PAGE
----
The creative side of science has always interested artist Marisa Satsia. From a young age she was fascinated by how it was visually communicated, particularly the anatomical and scientific sculptures and illustrations. Not what comes to mind for most people when they think of science but for Marisa, it was captivating.
“I was the crazy person studying chemistry, biology and art,” she laughs. And it’s precisely those subjects that turned her into the mixed media contemporary artist she is today, creating collagraph prints and plates, linocut prints, digital drawing, physical wax and 3D models, ceramic sculptures and embroidery.
It has taken several years and a very specific academic approach to get to where Marisa is today. Her studies began with Fine Art, though by her final year she was working closely with scientists and university labs to experiment with microscopes and other visualisation techniques. This paved the way for an MSc in Medical Art.
“During my masters, I had the opportunity to master my observational drawing, learn human anatomy from cadavers and other preserved specimens, attend surgeries and study medico-legal ethics,” explained Marisa. “Studying human anatomy and histology through such a hands-on experience while making 3D and physical models and digital and physical illustrations of complex anatomical concepts has had a positive impact on my professional development as a multidisciplinary/interdisciplinary artist.”
Now her work conveys a strong sense of presenting an alternative perspective of the self through the use of biological and scientific elements. It is not just scientists and artists who have the need to visualise and understand the natural world through all sorts of artistic or visual media, she said.
“I think what drew me to specialise in this subject was the urge and desire to investigate the invisible so I can understand the visible, to understand myself and other humans. The more you scrutinise, the more you can understand.”
Yet merging science and art isn’t all that new according to Marisa, in fact, they have a lot more in common than people think. Curiosity, trial and error and the urge to know oneself are some of the common traits, she explained. They also share a common history, especially when it comes to human anatomy.
“Back in the Renaissance, when the journey into discovering human nature and natural phenomena began, artists were multifaceted individuals. Some of the subjects they studied included physics, mathematics, botany and anatomy. The more they knew, the better they could explain and understand the workings of the cosmos, human nature and the inner workings of the bodies through their artwork. The tag Know thyself, was the driving force behind this exploration and the excuse to scrutinise the cosmos.”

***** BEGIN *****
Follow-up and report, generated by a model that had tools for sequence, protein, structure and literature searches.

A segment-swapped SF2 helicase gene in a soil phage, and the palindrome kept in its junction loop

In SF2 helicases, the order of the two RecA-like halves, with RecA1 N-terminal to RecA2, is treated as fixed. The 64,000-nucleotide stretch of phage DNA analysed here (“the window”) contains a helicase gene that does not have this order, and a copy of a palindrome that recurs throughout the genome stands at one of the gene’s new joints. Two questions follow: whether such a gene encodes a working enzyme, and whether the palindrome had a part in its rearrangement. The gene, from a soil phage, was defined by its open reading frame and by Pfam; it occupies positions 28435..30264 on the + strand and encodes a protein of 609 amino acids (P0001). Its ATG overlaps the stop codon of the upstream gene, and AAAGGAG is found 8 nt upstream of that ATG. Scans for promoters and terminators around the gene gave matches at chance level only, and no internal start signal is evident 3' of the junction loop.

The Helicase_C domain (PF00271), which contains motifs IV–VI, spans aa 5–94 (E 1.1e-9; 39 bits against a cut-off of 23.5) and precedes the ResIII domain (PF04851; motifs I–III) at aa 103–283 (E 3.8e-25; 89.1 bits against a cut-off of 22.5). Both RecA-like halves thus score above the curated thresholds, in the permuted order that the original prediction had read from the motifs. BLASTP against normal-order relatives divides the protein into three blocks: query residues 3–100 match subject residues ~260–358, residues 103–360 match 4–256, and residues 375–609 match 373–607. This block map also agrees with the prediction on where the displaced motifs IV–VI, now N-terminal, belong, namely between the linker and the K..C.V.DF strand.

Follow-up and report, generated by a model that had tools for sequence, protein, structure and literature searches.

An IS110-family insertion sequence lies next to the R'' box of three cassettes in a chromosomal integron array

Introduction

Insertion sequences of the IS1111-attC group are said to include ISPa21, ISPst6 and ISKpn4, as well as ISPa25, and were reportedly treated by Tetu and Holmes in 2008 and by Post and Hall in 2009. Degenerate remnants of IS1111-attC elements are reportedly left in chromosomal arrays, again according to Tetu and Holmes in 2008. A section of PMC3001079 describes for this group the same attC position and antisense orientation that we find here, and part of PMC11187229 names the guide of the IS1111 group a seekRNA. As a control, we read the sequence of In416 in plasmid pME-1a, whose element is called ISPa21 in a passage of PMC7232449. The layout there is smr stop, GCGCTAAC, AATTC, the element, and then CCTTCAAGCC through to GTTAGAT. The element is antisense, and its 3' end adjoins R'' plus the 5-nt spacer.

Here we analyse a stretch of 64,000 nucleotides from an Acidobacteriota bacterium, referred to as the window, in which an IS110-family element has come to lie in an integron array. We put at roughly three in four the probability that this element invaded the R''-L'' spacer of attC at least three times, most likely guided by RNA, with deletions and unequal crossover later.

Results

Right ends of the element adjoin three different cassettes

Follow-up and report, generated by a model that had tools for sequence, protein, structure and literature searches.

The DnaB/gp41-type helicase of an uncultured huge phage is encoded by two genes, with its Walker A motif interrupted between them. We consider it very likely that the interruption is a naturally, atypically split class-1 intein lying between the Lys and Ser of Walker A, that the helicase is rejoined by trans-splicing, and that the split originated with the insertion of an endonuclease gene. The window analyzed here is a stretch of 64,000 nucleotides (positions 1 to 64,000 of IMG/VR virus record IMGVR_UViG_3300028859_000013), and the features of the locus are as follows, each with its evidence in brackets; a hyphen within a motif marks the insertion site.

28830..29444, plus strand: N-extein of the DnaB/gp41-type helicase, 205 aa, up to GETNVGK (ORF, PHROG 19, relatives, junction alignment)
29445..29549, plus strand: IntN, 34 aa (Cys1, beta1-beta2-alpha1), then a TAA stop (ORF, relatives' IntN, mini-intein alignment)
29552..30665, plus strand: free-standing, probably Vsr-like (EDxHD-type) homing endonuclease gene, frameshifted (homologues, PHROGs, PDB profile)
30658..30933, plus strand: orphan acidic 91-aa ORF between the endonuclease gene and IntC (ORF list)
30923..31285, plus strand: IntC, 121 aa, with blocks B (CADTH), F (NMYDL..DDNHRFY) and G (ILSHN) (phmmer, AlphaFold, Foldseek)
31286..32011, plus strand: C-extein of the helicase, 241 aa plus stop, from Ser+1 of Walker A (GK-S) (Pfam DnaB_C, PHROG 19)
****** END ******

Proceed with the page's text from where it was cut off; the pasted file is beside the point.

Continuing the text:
And it goes beyond that. Marisa described how in the 16th century there were no tissue preservation methods, therefore the only way to document the human body was through drawings, in a way, already introducing an artistic element into science although unwittingly so.
“In 1510 Leonardo Da Vinci starts dissecting human bodies and documents his findings by drawing. The first published anatomical atlas of Vesalius and the exploration of the human body wouldn’t have been possible without the drawing skills of an artist back then,” Marisa said.
It seems that a creative element always existed within science and surely we can all think back to those drawings and illustrations in our high school science books. Considering how they got there or why was a thought that hadn’t previously crossed my mind.
Creating a detailed embroidery of the brain, ceramics of deconstructed facial muscles and thorough prints of the human anatomy are Marisa’s ways of demystifying the human body and making the invisible visible, making what we can’t see appear and taking a scientific approach to art.
“Other people will feel uncomfortable knowing this is what I’m into, other people are fascinated and confess that they have learned a lot about themselves and human nature through my artwork,” commented Marisa.
Yet creating art pieces and exhibiting them isn’t the only way this artist stays busy. Another big part of her work is to collaborate with scientists and anatomists to create educational material. It’s where her Medical Art studies come into play, showing its wide range of applications.
From creating educational material for a digital publication to designing teaching aids for a complex anatomical concept to communicating complex scientific research to the general public, the list goes on.
Currently, besides working on projects at her studio Med Art Cabinet, Marisa is creating an online course in collaboration with the School of Machines, Making and Make-Believe in Berlin, about the human body, visual art and technology.
The relationship between science and art has a much bigger audience than most people realise, Marissa explained. In fact, every day she discovers at least three new artists on Instagram that are either medical illustrators and artists, contemporary visual artists that use medical technologies or their work has a biological/anatomical scientific element.
There is a large international community of artists and designers working on the subject, making work with viruses, instead of about viruses, using f-MRI data and embroidery to create self-portraits as well as professional medical artists that work closely with scientists for educational purposes.
“I am inspired by the symbiotic nature of scientists and visual artists and the use of scientific technologies and visualisation techniques that allow us to magnify and observe the inner bodily landscapes and read between the lines,” she said and indeed, it seems that as technology develops, the worlds of science and art will come even closer.
Find Marisa’s work on Facebook at @Marisa Satsia Fine Artist and on Instagram @medartcabinet